Think twice before destroying the hive with a long pole, stick, or baseball bat! Even if you have a 50-foot pole, you will be in danger if you disturb a nest containing 30,000 to 50,000 bees.
You greatly increase your chances of being stung if you knock down the hive or disturb it in any way. This is not the proper way to get rid of bees and is highly discouraged!
DON’T spray water or insect repellent on the hive!
This method has two major flaws: first, it’s dangerous, and second, it won’t get rid of the bees. Don’t waste your time or jeopardize your health by spraying anything at the bees. Allow an expert to show you how to get rid of bees so you don’t have to.
DO contact a professional right away!
This is the most critical step in bee removal! If you have a bee problem, you must hire a professional bee removal expert to take care of the situation. Their experience, knowledge, and skills enable them to quickly and safely remove the bees, ensuring that no one is harmed.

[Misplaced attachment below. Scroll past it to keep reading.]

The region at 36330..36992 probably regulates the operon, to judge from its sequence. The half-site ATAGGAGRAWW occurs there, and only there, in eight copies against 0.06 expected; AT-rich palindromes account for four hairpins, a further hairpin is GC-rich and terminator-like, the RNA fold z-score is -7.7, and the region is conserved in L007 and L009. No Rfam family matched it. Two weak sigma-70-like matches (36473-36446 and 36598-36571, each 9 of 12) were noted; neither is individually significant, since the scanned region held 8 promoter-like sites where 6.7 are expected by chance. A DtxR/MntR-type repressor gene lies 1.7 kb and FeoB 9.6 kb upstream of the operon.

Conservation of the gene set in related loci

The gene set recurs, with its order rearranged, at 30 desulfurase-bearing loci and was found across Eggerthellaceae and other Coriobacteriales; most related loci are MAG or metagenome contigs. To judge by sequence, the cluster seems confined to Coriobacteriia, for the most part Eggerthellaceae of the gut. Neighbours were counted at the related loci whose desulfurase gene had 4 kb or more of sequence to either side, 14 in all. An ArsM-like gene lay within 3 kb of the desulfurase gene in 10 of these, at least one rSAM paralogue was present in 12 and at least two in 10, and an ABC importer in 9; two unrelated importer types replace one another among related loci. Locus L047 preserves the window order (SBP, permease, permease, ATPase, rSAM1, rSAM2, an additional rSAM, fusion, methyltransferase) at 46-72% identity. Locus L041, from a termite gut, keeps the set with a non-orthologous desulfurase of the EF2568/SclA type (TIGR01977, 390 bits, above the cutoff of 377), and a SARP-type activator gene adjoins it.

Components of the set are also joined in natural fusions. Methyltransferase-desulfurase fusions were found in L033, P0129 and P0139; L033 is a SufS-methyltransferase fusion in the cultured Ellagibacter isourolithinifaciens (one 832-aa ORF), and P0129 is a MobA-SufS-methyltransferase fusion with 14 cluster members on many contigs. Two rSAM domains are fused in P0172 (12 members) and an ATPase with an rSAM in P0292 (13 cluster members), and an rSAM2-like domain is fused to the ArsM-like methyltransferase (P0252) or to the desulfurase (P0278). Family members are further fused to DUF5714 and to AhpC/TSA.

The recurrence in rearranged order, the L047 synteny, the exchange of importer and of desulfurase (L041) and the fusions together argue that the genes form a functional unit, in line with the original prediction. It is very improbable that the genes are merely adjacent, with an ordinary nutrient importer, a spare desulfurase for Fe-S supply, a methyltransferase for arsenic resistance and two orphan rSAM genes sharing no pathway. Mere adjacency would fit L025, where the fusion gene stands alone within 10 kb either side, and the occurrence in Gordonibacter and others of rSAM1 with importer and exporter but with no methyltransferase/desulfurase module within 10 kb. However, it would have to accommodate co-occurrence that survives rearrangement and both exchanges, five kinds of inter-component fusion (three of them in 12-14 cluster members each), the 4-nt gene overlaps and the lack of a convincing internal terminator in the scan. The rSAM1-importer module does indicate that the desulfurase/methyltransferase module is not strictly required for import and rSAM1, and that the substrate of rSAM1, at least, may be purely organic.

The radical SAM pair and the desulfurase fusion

The professional beekeeper will use special equipment and protective gear throughout the entire process, which is necessary for proper bee removal. This is not a job for amateurs, so always hire a professional.
DO leave the nest alone until a professional arrives!
The best way to avoid getting stung and preventing others from getting stung is to leave the beehive alone. If at all possible, avoid going near it.
They will not bother you if you keep your distance from them. Instead of worrying about how to get rid of bees on your own, wait for the professionals to arrive, and they will solve the problem quickly.
If all else fails, hiring a pest control professional to deal with an infestation is always the best option.
Titan Pest Services specializes in commercial and residential pest control. Single-family homes, residential condominium complexes, luxury hotels, athletic stadiums, airports, food establishments, and other businesses are among our clients.
If you have any questions or need assistance keeping your home pest-free, please contact us!